In Kansas, the power of the men who run Groundwater Management District 3 is enormous. Even though the district is in the driest part of Kansas, with an aquifer in dramatic decline, it accounts for half of all groundwater extracted statewide.
“If we don’t do anything differently, then there won’t be enough water left for people in my generation,” said Vaughn, 29, who represents a Kansas City suburb.
Last year, Vaughn, the top Democrat on the state’s water committee, tried to open elections for groundwater management districts to all local residents.
Her proposal was blocked by Newland, a Republican lawmaker at the time, who raises crops and cattle. Soon after, Newland became president of the Kansas Farm Bureau, the lobbying powerhouse for agriculture.
Newland said that people who live in towns and cities don’t understand the value of groundwater to farming and would elect members to the district board who would cut water use. That would decrease the value of farmland, he said.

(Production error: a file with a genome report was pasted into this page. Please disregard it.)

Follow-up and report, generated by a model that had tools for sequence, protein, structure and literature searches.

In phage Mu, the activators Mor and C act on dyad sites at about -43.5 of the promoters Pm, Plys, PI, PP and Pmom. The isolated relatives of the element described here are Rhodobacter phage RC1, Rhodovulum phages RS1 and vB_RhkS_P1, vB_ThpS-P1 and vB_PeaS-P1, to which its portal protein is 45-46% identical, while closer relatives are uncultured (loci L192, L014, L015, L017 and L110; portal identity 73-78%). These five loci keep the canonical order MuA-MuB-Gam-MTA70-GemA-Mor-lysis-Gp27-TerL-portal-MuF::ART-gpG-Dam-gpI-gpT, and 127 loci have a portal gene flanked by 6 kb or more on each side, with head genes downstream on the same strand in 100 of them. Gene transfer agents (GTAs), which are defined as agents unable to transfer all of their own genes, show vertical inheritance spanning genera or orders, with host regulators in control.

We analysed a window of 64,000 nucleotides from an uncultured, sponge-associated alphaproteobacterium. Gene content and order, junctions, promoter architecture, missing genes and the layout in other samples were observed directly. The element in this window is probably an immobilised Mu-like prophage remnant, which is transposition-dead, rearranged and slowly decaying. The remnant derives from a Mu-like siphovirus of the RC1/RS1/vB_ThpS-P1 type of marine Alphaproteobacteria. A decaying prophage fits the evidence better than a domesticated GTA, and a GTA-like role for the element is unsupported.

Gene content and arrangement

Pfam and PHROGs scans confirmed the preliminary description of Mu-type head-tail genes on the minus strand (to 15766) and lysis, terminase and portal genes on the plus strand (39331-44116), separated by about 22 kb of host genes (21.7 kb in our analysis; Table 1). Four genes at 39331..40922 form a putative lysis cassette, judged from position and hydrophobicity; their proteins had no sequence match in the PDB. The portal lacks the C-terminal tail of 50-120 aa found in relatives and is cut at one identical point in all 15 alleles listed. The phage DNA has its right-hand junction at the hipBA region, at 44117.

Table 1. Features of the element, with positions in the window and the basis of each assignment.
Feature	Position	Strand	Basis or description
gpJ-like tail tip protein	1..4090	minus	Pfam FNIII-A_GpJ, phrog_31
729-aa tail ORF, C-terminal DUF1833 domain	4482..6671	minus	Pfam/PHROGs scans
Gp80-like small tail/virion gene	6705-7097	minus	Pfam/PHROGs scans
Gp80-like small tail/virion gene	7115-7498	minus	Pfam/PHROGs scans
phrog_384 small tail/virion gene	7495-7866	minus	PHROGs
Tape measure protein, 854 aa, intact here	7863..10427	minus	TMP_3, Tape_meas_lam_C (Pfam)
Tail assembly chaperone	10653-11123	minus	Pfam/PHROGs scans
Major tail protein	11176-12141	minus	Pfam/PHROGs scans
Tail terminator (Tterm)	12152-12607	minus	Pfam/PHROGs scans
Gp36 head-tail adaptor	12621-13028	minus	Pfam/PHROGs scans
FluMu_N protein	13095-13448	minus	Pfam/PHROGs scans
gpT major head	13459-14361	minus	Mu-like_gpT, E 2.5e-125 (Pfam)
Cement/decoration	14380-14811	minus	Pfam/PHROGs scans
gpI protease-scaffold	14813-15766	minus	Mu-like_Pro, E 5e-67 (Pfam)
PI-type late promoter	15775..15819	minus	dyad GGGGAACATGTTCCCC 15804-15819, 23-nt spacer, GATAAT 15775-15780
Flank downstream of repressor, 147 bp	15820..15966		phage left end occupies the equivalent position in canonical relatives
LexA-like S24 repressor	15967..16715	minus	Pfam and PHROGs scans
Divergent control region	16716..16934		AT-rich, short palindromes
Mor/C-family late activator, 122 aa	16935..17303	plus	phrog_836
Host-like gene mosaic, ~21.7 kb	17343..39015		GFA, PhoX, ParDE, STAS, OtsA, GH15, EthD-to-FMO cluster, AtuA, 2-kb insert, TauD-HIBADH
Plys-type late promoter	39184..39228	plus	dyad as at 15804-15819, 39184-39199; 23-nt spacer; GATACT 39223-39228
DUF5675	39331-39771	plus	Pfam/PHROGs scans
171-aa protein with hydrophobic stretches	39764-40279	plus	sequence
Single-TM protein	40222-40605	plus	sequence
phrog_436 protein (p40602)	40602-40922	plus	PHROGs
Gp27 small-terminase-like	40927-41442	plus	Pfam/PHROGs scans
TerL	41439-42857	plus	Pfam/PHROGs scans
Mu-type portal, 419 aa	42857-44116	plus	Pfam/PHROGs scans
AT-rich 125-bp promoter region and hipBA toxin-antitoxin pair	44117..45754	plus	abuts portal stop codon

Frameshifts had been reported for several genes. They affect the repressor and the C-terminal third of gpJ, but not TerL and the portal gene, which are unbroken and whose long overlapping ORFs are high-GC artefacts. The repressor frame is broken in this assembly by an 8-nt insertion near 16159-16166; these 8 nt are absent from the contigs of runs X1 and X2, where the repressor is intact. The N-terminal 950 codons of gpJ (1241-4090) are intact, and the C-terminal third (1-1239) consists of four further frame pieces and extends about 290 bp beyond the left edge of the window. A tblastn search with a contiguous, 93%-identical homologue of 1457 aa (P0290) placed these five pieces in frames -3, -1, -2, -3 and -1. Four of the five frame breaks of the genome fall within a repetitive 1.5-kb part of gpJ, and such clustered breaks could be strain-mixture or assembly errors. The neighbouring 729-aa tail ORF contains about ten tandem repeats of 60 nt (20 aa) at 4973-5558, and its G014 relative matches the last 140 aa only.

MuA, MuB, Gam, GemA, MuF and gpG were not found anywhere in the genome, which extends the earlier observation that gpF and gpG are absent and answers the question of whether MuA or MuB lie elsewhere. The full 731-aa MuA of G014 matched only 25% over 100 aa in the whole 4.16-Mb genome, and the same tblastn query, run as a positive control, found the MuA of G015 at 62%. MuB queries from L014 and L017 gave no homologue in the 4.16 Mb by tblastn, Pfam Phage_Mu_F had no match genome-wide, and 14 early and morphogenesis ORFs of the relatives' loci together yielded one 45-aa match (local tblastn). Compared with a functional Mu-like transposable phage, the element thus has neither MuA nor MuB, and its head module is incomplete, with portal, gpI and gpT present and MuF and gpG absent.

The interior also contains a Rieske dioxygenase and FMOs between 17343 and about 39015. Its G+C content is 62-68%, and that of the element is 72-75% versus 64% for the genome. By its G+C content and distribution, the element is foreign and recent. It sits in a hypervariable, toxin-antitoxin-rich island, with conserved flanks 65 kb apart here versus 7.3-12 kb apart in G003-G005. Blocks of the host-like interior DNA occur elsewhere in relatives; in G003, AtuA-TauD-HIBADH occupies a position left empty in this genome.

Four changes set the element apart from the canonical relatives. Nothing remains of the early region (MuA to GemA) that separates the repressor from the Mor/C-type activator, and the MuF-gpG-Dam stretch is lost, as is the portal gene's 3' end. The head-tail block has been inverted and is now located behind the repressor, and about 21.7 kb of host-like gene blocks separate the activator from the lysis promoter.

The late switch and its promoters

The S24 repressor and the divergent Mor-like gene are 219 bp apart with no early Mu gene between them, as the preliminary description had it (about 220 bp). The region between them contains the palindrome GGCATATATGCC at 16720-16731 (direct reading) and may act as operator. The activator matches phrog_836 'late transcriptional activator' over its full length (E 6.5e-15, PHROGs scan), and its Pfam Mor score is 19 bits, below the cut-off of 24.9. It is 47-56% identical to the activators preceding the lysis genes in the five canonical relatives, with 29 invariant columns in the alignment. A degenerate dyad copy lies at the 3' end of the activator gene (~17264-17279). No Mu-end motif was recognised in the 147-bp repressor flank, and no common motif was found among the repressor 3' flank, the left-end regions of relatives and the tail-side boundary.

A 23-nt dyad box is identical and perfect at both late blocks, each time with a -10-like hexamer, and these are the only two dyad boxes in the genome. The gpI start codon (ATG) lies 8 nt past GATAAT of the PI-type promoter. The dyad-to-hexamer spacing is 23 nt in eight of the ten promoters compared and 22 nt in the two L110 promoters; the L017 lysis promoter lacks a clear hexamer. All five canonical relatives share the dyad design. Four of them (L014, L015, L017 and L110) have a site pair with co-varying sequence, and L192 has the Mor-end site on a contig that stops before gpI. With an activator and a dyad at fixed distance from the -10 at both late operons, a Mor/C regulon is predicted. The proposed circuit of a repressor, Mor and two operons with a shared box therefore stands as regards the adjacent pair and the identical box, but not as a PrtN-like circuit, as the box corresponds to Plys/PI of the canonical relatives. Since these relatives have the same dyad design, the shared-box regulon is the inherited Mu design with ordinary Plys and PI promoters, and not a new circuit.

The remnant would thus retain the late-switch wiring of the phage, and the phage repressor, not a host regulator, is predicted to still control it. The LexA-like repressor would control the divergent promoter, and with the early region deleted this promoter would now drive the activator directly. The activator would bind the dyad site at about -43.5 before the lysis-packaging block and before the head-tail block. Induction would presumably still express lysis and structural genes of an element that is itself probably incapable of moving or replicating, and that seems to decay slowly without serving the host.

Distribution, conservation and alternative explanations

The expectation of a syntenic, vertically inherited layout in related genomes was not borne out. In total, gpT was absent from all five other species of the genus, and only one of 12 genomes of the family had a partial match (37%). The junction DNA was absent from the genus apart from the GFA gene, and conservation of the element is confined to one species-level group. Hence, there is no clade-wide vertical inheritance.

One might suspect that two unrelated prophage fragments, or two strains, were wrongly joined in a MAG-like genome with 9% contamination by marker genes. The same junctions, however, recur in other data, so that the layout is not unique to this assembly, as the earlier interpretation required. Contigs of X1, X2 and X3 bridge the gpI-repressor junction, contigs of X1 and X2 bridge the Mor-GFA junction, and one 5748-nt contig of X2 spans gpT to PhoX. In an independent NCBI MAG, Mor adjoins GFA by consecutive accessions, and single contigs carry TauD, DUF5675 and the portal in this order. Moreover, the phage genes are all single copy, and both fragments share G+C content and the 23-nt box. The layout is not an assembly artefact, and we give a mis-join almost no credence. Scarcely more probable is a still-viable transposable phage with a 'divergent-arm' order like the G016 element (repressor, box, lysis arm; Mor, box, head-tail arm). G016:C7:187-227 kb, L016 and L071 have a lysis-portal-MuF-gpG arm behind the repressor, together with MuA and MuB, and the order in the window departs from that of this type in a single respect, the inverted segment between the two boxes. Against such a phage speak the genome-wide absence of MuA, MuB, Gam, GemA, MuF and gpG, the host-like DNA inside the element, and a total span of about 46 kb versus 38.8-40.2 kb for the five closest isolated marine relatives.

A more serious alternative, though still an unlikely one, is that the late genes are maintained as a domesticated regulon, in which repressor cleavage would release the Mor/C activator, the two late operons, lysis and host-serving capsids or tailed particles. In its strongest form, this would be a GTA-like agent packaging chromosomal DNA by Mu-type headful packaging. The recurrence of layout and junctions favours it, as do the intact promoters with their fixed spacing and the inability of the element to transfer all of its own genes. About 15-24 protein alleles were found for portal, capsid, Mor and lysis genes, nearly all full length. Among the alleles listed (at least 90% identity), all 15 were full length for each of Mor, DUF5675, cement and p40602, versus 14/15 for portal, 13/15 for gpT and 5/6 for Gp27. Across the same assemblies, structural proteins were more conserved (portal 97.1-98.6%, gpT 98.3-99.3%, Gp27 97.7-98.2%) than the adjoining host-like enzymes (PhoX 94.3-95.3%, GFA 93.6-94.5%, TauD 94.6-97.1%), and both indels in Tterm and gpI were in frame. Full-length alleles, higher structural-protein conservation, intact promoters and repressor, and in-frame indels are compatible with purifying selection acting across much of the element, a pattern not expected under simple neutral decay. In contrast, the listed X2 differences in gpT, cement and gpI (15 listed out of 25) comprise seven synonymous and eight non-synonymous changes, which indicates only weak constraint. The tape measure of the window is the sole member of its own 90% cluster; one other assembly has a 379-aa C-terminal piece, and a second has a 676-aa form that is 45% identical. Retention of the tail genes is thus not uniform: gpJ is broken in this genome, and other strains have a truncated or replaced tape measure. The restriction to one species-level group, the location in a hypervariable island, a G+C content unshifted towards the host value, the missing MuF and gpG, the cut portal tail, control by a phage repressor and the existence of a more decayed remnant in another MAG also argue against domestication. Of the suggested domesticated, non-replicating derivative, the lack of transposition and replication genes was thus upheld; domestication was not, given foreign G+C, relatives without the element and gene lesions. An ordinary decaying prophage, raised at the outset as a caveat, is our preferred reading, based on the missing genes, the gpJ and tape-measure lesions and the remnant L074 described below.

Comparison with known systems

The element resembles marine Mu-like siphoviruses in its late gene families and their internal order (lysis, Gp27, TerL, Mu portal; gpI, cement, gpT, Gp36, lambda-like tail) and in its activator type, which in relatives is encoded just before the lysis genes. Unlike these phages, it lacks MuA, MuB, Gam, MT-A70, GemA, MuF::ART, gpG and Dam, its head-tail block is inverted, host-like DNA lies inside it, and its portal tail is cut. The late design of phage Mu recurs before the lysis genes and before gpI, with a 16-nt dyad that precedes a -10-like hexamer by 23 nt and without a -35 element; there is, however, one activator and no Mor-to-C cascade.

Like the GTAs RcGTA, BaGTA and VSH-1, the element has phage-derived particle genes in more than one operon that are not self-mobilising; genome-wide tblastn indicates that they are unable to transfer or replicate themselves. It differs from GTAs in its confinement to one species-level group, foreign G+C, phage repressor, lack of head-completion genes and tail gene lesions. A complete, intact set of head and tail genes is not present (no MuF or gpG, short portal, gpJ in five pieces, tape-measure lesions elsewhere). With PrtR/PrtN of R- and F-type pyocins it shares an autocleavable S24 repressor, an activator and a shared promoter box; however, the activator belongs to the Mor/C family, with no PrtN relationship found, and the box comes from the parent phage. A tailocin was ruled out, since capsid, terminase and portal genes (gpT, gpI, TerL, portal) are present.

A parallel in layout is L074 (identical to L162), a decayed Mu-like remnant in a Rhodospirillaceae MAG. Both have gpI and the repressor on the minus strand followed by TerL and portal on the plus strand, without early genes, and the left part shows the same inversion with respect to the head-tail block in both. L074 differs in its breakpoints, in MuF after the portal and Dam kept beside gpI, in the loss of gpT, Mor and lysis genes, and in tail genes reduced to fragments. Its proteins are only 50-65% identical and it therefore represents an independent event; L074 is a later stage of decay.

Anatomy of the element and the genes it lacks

This year, Vaughn introduced legislation that requires the state to ensure that water districts better protect their aquifers. Groups like Groundwater Management District 3 have until 2026 to come up with plans to sustain groundwater. If they fail to develop those plans, or if state officials decide the plans are inadequate, the state can impose its own plan and compel farmers to cut back on pumping.
That bill became law, evidence of the growing recognition that Kansas faces a crisis, Vaughn said. But she voiced concern about whether political appointees in state government will enforce the law, given the clout of the agriculture lobby.
“We can come together and use the tools that we already have to slow depletion,” Vaughn said. “Or we can be left in the dust. The choice is ours.”
This article originally appeared in The New York Times.